Recently recognized by the Coalition for Recreational Trails (CRT) for the eleventh time, the Wyoming Trails Program has long been established as providing some of the best non-motorized and motorized trails in the region.
For the avid snowmobile user, off-road vehicle enthusiast, mountain biker, hiker, and equestrian the Trails program’s efforts are evident, but for members of the general public, it may not be apparent the number of hours and labor put into providing such a lucrative and valued recreational opportunity.
According to CRT, the organization is an alliance of national and regional trail-related organizations across a broad spectrum of interests representing motorized and non-motorized communities. Its members work together to build awareness and understanding of the Recreational Trails Program (RTP), which returns federal gasoline taxes paid by off-highway recreationists to the states for trail development.
Tax monies are distributed using a 30% motorized, 30% non-motorized, and 40% diversified equation to split up the state's allocated funding. A process that is overseen by the Wyoming State Trails Advisory Council, a 10-member board appointed by the Governor's office to represent a variety of trail uses
The Wyoming Trails program has previously been recognized by CRT in the categories of Communication and Education, Maintenance and Rehabilitation, Public and Private Partnerships, Environmental and Wildlife Compatibility, Multiple Use Management and Corridor Sharing, and this year for Construction and Design.
But what is it exactly that the Wyoming Trails Program does? Based in Lander, The Wyoming Trails Program maintains recreational trails statewide which is no easy task considering the Cowboy State ranks tenth in the nation in land mass at 97,813 square miles. Funding for these efforts is generated by snowmobile and ORV permits and federally by gasoline excise tax.
Due to the majority of the revenue being generated by motorized registration sales and fuel tax, the program is limited to solely the non-motorized portion of federal funding provided through RTP to fund non-motorized projects throughout the state, leaving a significant backlog in maintenance on non-motorized trails which expresses the need for other non-motorized funding mechanisms.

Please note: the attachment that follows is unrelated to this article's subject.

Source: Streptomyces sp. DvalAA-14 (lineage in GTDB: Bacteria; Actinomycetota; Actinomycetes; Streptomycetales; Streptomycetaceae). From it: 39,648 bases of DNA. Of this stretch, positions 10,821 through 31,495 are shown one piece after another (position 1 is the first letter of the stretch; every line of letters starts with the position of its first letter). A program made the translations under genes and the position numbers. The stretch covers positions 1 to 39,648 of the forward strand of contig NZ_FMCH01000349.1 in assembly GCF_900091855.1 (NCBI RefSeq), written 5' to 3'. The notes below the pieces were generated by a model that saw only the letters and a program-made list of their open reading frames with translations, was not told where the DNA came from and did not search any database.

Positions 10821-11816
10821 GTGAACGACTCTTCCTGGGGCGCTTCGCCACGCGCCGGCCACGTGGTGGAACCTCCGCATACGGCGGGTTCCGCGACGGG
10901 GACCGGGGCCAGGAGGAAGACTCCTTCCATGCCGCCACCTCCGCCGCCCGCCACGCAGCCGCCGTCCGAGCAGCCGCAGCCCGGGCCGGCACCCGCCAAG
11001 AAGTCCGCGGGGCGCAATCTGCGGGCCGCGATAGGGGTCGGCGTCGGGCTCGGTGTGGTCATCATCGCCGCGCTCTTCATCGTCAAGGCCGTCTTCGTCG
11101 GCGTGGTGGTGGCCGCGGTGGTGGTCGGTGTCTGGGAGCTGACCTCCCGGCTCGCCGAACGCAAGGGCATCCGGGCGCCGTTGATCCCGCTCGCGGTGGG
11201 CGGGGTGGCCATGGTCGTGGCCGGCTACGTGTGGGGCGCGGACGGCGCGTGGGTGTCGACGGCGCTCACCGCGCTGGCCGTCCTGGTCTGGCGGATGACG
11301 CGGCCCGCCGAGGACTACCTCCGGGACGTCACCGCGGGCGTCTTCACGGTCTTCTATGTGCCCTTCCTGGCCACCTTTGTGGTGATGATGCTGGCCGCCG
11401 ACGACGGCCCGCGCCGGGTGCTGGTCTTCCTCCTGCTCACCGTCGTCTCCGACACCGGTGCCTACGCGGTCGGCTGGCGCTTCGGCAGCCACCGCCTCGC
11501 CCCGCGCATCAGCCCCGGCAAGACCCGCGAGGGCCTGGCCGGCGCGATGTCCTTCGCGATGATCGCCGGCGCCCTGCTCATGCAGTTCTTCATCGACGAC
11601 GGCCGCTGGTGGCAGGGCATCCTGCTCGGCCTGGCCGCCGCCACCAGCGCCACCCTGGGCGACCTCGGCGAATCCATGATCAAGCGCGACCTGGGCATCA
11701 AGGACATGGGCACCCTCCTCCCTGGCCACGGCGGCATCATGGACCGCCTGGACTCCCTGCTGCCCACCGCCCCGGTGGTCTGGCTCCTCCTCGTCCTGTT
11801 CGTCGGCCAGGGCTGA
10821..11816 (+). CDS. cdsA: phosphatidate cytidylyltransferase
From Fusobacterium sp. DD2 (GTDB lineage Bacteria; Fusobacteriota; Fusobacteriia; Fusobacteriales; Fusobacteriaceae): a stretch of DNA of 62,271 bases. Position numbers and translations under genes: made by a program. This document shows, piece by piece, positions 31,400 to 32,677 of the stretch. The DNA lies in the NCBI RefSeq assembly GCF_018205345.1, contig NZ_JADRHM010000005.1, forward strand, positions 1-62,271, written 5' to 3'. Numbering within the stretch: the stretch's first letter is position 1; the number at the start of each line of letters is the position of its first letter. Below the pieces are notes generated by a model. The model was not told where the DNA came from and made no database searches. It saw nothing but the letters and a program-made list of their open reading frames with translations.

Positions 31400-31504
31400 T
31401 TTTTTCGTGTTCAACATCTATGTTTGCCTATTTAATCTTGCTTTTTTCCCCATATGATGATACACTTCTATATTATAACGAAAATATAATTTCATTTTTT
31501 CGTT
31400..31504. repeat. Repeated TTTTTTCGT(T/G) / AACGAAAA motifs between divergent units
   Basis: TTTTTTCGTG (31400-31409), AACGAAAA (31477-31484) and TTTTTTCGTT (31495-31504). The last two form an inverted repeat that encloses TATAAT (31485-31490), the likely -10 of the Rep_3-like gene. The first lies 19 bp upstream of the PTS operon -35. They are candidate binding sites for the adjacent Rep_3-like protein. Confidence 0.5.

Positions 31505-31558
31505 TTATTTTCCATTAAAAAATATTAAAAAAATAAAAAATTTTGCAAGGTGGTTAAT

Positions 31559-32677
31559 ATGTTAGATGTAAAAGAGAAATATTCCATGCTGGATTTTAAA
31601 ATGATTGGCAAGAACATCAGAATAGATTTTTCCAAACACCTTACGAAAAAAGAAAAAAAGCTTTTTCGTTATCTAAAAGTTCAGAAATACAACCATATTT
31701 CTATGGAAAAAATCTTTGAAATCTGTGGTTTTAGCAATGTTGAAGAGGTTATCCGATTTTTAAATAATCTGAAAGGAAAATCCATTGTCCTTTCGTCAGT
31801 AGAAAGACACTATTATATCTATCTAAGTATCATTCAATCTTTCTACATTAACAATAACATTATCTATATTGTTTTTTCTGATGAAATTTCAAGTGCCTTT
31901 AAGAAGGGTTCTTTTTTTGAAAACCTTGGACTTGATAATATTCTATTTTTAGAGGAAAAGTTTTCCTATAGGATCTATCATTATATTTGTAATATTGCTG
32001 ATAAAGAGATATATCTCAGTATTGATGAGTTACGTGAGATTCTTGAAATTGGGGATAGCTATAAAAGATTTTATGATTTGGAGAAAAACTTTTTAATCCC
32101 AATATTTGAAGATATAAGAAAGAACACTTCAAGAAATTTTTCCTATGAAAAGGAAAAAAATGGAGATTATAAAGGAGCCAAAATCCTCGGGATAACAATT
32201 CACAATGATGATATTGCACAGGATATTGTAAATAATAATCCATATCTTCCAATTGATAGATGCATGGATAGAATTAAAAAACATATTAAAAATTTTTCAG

Beginning December 1, a staff of 26 employees – 12 full-time and 16 seasonal employees – began preparing for the upcoming snowmobile season by clearing deadfall and placing 44,000 temporary markers along 2,585 miles of snowmobile trails statewide along with maintaining them throughout the 4-month season. Those markers are then removed by April 15.
During the season, Wyoming Trails utilizes 29 Snowcats to groom eight major snowmobile systems encompassing 2,585 miles of trails. Grooming occurs overnight and involves a strategically choreographed schedule so trails are consistently and effectively maintained to provide the best user experience possible. All told, during the season 59,130 miles are groomed through private grooming contracts, while 33,000 miles are groomed utilizing internally owned equipment and seasonally hired operators. Those trails are 95 percent on Federal land involving mostly U.S. Forest Service and some Bureau of Land Management public lands. Although there is always a lot of work to be done, the program is dependent on the weather each year.
According to Wyoming Trails Program Manager Forrest Kamminga, there’s no such thing as too much snow, but being a 100% user funded program, a low snow season is the worst possible scenario
“If there’s a low snow season, we’re not generating enough revenue to cover the expenses,” he said.
And that doesn’t mean just for his program but also for Trailside Lodges and others involved in the snowmobile outdoor recreation industry.
The Summer season usually begins no later than mid-June depending on spring weather and involves maintaining the existing 840 miles of trail and the construction of new motorized trails. These trails heavily rely on federal land managing agency partnerships as 95% of the off-road vehicle (ORV) trails are on federal lands. On-the-ground work is completed by private contractors or by the 9 permanent trail crew members along with 16 seasonal employees.
A true pay-to-play endeavor, The Wyoming Trails Program generates approximately $4 million annually which, along with additional federal partnership match majority of the revenue generated goes to funding the agency’s operations. These funds are closely managed by the program's admin and grants staff through several internal grant funding mechanisms made available to federal, state, and local government land managing agencies, along with nonprofits that assist with several tasks including trail maintenance, signage, education, enforcement, and public safety outreach.
Every snowmobile permit generates $62.75 ($34 permit sales, $28.75 state fuel tax) with an average of 34,500 permits sold seasonally; and every ORV permit sold generates $32.50 ($14 permit sales, $18.50 state fuel tax.) with an average of 58,200 permits sold annually.
Like Wyoming’s State Park and Historic Sites, the state trail system is a major contributor to the state’s Tourism and Outdoor Recreation industries. Both motorized and non-motorized trail enthusiasts can agree these trails provide great recreational opportunities in the Cowboy State.